As a result of an investigation of alleged violations of the Codes of Professional Conduct of the AICPA and the Massachusetts Society of CPAs, Mr. DeBiasi, with the firm of James P. DeBiasi, CPA, P.C. entered into a settlement agreement under the Joint Ethics Enforcement Program, effective December 8, 2015.
Information came to the attention of the Ethics Charging Authority (“ECA”) (comprised of the AICPA Professional Ethics Executive Committee and the Massachusetts Society of CPAs Professional Ethics Committee) alleging a potential disciplinary matter with respect to Mr. DeBiasi’s performance of professional services in the audit of the financial statements for an employee benefit plan as of and for the year ended December 31, 2011.
The ECA reviewed the auditor’s report, financial statements, and working papers for the engagement, as well as DeBiasi’s responses and other relevant documents he submitted to support his response. Based on this information, there appears to be prima facie evidence of violations by Mr. DeBiasi of the rules of the AICPA and the Massachusetts Society of CPAs’ Codes of Professional Conduct as follows:
Rule 202 – Compliance with Standards
1. The opening paragraph of the original auditor’s report did not identify the 2010 Statement of Changes in Net Assets included in the financial statements (AU §508.08).
2. The auditor initially failed to obtain sufficient appropriate audit evidence to support the opinion on the financial statements in the following areas (SAS 106):
a. Audit planning, such as determining the third party service provider’s involvement and responsibilities, determining audit materiality, and performance of preliminary analytical procedures. [AICPA Audit and Accounting Guide-Employee Benefit Plans (AAG-EBP) 5.33,.48,.58];
b. Internal controls (AAG-EBP Chapter 6);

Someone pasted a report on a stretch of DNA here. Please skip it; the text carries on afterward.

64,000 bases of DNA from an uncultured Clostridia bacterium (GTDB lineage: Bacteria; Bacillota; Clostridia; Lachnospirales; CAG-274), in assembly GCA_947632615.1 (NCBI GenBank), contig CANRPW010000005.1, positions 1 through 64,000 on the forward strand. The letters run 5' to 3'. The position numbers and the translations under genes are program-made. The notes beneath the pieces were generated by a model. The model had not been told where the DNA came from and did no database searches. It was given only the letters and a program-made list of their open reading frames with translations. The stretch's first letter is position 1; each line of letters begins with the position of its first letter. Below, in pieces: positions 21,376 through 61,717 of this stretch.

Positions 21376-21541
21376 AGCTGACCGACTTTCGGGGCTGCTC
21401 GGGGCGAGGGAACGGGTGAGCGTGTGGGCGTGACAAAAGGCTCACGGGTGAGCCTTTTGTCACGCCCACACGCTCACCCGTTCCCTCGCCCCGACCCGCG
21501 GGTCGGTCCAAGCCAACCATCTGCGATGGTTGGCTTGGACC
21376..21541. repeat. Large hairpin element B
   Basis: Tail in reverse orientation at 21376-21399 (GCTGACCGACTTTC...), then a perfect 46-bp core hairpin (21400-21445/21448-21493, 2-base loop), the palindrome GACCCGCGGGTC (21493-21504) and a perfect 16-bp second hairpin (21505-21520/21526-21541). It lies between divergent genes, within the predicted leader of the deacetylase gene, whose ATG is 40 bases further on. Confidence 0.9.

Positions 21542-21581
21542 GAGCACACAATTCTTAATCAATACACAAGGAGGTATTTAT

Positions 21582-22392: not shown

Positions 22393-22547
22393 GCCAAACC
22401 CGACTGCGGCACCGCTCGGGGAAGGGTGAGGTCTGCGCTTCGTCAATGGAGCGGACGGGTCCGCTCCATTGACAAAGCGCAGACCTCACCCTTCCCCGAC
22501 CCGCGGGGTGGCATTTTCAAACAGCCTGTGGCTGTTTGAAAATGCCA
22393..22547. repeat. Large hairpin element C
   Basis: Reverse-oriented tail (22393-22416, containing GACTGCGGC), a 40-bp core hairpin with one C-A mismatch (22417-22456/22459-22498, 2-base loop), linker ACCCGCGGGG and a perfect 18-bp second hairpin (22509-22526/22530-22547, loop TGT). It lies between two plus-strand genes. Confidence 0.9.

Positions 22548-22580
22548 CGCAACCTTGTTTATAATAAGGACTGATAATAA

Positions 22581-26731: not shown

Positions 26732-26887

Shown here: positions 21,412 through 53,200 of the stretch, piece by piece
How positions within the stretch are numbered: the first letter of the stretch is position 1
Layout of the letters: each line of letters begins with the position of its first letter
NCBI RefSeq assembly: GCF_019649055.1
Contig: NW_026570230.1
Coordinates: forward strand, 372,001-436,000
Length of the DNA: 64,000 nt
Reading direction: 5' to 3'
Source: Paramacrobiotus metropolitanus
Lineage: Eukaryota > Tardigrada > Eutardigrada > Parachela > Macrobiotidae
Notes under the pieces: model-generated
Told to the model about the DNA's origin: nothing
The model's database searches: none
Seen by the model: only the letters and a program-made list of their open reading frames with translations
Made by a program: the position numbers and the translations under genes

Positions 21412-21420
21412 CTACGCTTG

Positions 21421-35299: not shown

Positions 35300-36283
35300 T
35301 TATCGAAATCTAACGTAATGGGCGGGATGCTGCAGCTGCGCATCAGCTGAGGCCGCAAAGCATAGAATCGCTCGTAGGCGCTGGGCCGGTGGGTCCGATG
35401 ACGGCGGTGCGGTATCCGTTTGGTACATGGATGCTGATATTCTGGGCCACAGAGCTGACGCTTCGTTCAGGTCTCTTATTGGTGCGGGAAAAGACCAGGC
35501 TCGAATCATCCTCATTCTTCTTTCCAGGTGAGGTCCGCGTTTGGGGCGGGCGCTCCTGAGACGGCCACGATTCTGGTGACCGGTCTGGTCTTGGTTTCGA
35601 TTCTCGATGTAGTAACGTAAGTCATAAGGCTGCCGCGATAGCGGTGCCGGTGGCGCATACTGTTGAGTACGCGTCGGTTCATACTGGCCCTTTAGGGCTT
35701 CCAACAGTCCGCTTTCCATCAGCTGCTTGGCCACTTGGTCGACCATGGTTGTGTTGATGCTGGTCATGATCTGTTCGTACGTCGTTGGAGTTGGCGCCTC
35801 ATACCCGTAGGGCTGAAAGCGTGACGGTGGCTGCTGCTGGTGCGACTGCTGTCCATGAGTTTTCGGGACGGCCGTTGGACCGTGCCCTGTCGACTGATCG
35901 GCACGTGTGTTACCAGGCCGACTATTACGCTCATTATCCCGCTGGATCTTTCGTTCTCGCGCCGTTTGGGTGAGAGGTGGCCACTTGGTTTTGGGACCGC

c. Benefit payments (AAG-EBP 9.03);
d. Participant data (AAG-EBP 10.04-.06; 10.15-.16);
e. Parties-in-interest/prohibited transactions (AAG-EBP 11.08-.12);
f. Commitments and contingencies (AAG-EBP 12.11-.13); and
g. Subsequent events (AAG-EBP 12.19).
Rule 203 – Accounting Principles
The original and amended financial statements did not disclose the following:
a. The amounts and disposition of forfeited non-vested accounts (FASB ASC 962-205-50); and
b. Material party-in-interest transactions (FASB ASC 850-10-50).
Rule 501 – Acts Discreditable
The auditor misrepresented his practice to his peer reviewer.
Rule 501, Interpretation 501-5 – Failure to follow requirements of governmental bodies, commissions, or other regulatory agencies
a. The supplemental schedule of assets held at end of year as required by ERISA was not included in the original financial statements in conformity with DOL 29 CFR 2520.103-10;
b. The supplemental schedule of assets held at end of year included with the revised financial statements was not formatted in conformity with DOL 29 CFR 2520.103-10;
c. The supplemental schedule of assets held at end of year included with the revised financial statements did not identify parties-in-interest as required by DOL 29 CFR 2520.103-10; and
d. The Schedule of Assets Held at End of Year was not attached to the revised basic financial statements as required by DOL 29 CFR 2520.103-10.
In consideration of the ECA forgoing further investigation of Mr. DeBiasi’s conduct as described above and in consideration of the ECA forgoing any further proceedings in the matter, Mr. DeBiasi agreed as follows:
a. To waive his rights to further investigation of this matter in accordance with the Joint Ethics Enforcement Program (JEEP) Manual of Procedures.
b. To waive his rights to a hearing under AICPA bylaws section 7.4. and the Massachusetts Society of CPAs bylaws section 8.2.
c. To neither admit nor deny the above specified charges.
d. To be expelled from membership in the AICPA and the Massachusetts Society of CPAs from the effective date of this agreement.
e. That the ECA shall publish his name, the name of his current firm, the charges, and the terms of this settlement agreement.